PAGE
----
Every so often life spontaneously presents us with unexpected opportunities to teach kids early on why they should pay attention to the world around them, and to encourage their civic awareness. Teachable moments, as the saying goes, where we motivate youngsters into really listening to what our political leaders actually say, inspiring them to think for themselves, what those words mean.
This week’s exchange between the American president and Russian president in nuclear arms talks, caught on open mic, presents such an opportunity to reflect. Consider these comments, what they mean …
President Obama: This is my last election. After my election I have more flexibility.
Russian President Medvedev: I understand. I will transmit this information to Vladimir (Putin, the incoming Russian president).
It could be construed the president doesn’t want missile defense as a campaign issue, so, wait ‘til next year, and then President Obama will be flexible to meet Russian demands. Otherwise if he acted in an election year, he might be painted as selling us out. And wouldn’t that seem, exactly the case?
I will transmit the information to Vladimir? Who’s calling the shots, us or them?
When Vladimir gets the information, he’ll certainly be appreciative Obama is someone he can flexibly do business with. It is an extremely revealing statement, more than a gaffe.
First, Obama did say it. It reveals as soon as he’s unrestrained by democracy, then things will be different. You wait until I’m re-elected, and I don’t have to answer to anybody, as it’s my “last” election. Then I’ll help ya out.
Again, read Obama’s words. Accountability to the people matters; it’s why we have elections.
Russia has opposed U.S. missile defenses for Europe, claiming the systems are secretly aimed at countering Moscow’s long-range missiles. The U.S. government has said the systems are not intended as an anti-missile system against Russia, but are focused solely on Iran’s growing missile arsenal.
What are we negotiating away … what do the Russians want? What does Obama get in return? We might never know. He’s not going to tell us while he’s running for re-election. He’s going to portray himself as tough, and spin arms negotiation as complex with a need for flexibility.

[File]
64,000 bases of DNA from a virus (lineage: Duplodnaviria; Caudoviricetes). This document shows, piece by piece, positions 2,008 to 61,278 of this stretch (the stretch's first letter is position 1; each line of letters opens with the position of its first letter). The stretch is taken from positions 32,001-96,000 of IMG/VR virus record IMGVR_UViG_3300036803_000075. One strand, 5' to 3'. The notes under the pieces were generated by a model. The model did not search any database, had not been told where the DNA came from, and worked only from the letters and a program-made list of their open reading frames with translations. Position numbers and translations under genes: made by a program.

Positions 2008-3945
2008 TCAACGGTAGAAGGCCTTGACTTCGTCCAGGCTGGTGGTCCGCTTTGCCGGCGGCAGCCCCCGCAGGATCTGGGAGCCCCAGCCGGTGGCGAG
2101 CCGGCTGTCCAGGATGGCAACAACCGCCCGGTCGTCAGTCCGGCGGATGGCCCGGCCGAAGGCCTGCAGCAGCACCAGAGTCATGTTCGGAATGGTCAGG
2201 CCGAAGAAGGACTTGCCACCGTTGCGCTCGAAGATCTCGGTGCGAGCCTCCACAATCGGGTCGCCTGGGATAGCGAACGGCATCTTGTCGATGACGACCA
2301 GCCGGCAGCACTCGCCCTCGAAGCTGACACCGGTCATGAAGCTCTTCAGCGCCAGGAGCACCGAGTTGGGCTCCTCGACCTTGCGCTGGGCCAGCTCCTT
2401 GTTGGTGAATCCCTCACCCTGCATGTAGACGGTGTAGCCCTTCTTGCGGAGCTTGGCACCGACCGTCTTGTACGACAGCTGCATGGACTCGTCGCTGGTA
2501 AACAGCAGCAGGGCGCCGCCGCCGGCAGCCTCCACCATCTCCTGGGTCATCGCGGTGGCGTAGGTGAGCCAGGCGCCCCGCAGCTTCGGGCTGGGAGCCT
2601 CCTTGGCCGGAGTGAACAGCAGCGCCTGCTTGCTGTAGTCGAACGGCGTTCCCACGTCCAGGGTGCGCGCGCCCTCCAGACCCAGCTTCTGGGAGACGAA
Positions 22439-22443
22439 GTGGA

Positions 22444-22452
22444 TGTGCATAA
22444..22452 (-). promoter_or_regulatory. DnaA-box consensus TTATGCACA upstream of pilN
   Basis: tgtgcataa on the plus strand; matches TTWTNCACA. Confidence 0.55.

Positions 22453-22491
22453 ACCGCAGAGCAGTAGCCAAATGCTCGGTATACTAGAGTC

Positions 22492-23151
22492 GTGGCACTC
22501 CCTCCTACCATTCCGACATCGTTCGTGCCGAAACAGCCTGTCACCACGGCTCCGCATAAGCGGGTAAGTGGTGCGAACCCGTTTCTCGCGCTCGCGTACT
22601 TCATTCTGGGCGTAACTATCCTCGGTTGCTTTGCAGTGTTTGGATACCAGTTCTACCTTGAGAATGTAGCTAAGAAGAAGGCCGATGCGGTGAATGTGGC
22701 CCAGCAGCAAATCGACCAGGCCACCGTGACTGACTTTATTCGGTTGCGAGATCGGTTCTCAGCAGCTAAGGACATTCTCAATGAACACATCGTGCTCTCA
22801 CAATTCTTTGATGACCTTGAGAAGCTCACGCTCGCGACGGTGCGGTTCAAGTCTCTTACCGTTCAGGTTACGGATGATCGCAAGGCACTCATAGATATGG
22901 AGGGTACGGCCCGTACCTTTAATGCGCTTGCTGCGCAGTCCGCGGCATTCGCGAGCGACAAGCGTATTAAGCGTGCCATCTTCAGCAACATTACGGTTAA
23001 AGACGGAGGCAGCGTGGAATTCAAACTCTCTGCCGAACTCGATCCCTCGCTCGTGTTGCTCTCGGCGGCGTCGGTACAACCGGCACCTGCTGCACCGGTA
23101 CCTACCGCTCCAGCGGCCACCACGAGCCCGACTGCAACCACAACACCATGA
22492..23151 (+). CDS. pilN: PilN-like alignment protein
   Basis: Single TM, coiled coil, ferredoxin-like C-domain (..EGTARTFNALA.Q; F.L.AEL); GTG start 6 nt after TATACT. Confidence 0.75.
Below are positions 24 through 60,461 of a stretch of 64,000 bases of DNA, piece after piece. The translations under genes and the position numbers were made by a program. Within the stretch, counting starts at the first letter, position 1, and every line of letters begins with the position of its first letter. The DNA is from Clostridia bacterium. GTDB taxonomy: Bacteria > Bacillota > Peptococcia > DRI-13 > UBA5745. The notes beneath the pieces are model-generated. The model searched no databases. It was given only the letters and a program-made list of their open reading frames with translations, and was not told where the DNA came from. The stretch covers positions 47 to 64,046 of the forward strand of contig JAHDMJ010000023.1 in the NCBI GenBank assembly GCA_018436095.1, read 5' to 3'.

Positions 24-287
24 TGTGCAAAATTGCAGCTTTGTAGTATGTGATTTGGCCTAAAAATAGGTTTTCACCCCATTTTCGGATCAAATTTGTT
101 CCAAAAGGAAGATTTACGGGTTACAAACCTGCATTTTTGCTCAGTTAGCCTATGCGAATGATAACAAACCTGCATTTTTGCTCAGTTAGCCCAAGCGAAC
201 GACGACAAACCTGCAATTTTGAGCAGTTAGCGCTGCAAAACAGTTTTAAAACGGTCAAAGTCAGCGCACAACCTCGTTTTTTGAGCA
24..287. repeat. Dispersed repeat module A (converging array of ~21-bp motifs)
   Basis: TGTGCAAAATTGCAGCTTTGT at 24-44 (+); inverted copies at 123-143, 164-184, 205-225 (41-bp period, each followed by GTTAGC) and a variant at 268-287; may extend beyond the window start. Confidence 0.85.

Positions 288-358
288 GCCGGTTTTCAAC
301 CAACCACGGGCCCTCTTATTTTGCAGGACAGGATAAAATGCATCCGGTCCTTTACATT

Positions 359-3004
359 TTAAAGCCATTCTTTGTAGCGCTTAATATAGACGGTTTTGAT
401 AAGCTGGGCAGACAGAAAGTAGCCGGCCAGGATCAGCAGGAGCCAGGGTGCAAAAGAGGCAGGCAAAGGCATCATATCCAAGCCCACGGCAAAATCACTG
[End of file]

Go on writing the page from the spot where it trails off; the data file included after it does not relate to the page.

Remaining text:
Does this depend on what the meaning of the word “flexible” is? According to Dictionary.com, the world “flexible” refers to that which bends easily. Flexible refers to that which is capable of being bent. Varying synonyms come to mind … elastic, stretchy, and changeable. Also, unreliable.
During the Cuban Missile Crisis, October 1962, Soviet Foreign Minister Andrei Gromyko, acting on the instruction of Soviet leader Nikita Khrushchev, met John F. Kennedy, then President of the United States. Gromyko wrote in his Memoirs that Kennedy was very ideologically driven.
So, imagine during the Cuban Missile Crisis, the Soviets are placing missiles 90 miles off our shore. Kennedy says to Gromyko…
JFK: On all these issues, I need space. Next month we have midterms. After the election I have more flexibility
Gromyko: I understand. I will transmit this information to Nikita.
Situation’s no different. The president put the United States in a submissive position, to a long-standing dangerous adversary. He might as well be seeking international permission. And he just might.
Meanwhile, Kennedy told the Soviets where they can go, and on American terms.
The political left has never favored missile defense systems. Certainly, Russia’s opposition to planned missile defenses in Europe lines up. Obama’s statement is hard pressed to be seen as anything other than planning concessions on U.S. strategic defenses, without telling the American people or congress up front, for fear of electoral retribution.
Which begs the question to the kids, and ourselves, is that fair? Would such flexibility have worked out in October, 1962? If we discover the leader of the country intends to hide their true intentions until after an election, what are the consequences?
It’s important for us today, and important for the future voters, too, to pay attention and be aware.